articles, videos and blogs featuring timeless Jewish wisdom.
The opinions expressed in the comment section are the personal views of the commenters. Comments are moderated, so please keep it civil.

Visitor Comments: 8

(8) Dave Mittman, July 29, 2005 12:00 AM

The Good War-continued

I have served my country during the 70s. Never thought of going to Canada but went very reluctantly. What I got from that service was so positive it can not be measured. From "making you a man" to an enterance to a profession, the Air Force gave it to me. As an Jew in America, this is still my country. I would defend it in a second. If my child wanted to go to Iraq I would not want them to; but if it was something they wanted to do, I would be very proud of them. Because kids do not serve, they rob themselves of the real experience of being an American. Just as the Army is the equaling factor of life in Isreal, the real melting pot where you learn to trust each other, so it is in America.

(7) Yaara, July 26, 2005 12:00 AM

Beautiful America, The Good War and the Disengagement....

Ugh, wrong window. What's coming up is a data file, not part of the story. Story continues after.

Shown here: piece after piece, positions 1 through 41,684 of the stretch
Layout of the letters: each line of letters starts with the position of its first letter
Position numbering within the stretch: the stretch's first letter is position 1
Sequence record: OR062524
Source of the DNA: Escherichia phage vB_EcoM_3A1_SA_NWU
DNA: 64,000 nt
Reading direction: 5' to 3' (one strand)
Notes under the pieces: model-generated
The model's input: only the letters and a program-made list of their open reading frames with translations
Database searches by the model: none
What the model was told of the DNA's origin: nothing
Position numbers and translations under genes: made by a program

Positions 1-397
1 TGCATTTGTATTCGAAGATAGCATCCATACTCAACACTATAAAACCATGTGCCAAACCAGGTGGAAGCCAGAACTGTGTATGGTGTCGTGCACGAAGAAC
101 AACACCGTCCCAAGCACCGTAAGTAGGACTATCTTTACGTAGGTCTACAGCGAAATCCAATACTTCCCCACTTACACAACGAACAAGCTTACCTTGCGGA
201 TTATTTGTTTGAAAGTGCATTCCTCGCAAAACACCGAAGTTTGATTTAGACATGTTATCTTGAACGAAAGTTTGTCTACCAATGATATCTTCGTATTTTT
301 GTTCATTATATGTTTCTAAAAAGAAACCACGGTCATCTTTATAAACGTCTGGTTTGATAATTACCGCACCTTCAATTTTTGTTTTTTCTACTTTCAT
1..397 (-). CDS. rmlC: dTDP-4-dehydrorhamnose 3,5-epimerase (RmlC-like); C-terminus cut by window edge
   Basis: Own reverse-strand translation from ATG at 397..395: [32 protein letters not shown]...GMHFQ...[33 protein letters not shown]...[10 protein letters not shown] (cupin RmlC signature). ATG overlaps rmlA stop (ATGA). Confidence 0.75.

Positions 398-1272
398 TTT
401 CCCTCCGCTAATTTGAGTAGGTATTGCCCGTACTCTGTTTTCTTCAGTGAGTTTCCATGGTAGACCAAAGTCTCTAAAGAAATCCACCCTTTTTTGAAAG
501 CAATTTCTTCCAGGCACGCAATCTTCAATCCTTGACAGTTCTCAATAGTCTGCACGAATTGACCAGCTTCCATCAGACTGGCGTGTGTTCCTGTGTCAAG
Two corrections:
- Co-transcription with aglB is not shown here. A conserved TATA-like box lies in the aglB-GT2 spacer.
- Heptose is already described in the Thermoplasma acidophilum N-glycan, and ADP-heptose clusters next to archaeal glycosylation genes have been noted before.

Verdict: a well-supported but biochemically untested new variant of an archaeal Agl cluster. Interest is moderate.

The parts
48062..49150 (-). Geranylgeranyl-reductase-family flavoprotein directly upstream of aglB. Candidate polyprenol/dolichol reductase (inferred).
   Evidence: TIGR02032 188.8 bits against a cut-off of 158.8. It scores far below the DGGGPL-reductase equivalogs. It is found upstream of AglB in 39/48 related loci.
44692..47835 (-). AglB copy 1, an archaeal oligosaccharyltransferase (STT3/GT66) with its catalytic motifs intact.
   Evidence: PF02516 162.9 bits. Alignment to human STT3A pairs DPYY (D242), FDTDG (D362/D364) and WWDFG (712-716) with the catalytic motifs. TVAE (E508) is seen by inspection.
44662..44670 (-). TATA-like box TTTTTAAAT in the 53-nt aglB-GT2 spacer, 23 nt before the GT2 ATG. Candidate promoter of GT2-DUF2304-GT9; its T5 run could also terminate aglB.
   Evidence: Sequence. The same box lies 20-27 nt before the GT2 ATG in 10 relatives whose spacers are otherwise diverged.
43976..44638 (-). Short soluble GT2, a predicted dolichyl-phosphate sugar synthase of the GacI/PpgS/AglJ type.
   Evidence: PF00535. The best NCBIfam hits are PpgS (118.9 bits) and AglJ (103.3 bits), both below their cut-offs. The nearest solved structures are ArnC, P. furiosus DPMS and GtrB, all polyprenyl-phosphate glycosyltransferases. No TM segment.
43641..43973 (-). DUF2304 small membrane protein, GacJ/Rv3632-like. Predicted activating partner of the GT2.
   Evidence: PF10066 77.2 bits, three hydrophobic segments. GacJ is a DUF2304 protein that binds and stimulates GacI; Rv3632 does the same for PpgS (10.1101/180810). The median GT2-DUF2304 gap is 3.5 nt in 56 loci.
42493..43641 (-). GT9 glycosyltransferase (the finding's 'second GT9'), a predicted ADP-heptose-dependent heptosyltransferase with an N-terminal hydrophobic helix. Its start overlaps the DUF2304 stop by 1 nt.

Especially in these difficult times it is again essential that people bring up enough EMUNA and courage to make difficult decisions and openly stand for what they believe. Like most of us, I too hate wars of ANY kind, the more when it concerns the kids of my friends and neighbors (we don't have children). But, with all respect due, it seems to me that you rather comfortably sit on the fence than take up sides, as nothing presses you to really do so right now. I have visited the U.S., I know what a beautiful and free country it is and I understand your feelings of happiness for being able to live there perfectly well. But then, precisely because America is such a democratic country I can't understand why you should hide your opinons and have your children "sworn" on secrecy.... Nobody is going to lock you or your children away for openly expessing what you think, right?! Unless, as I said before, you rather sit on the fence, hoping to only end in Israel on a far away day.... In Israel can't afford to take our time sitting on the fence.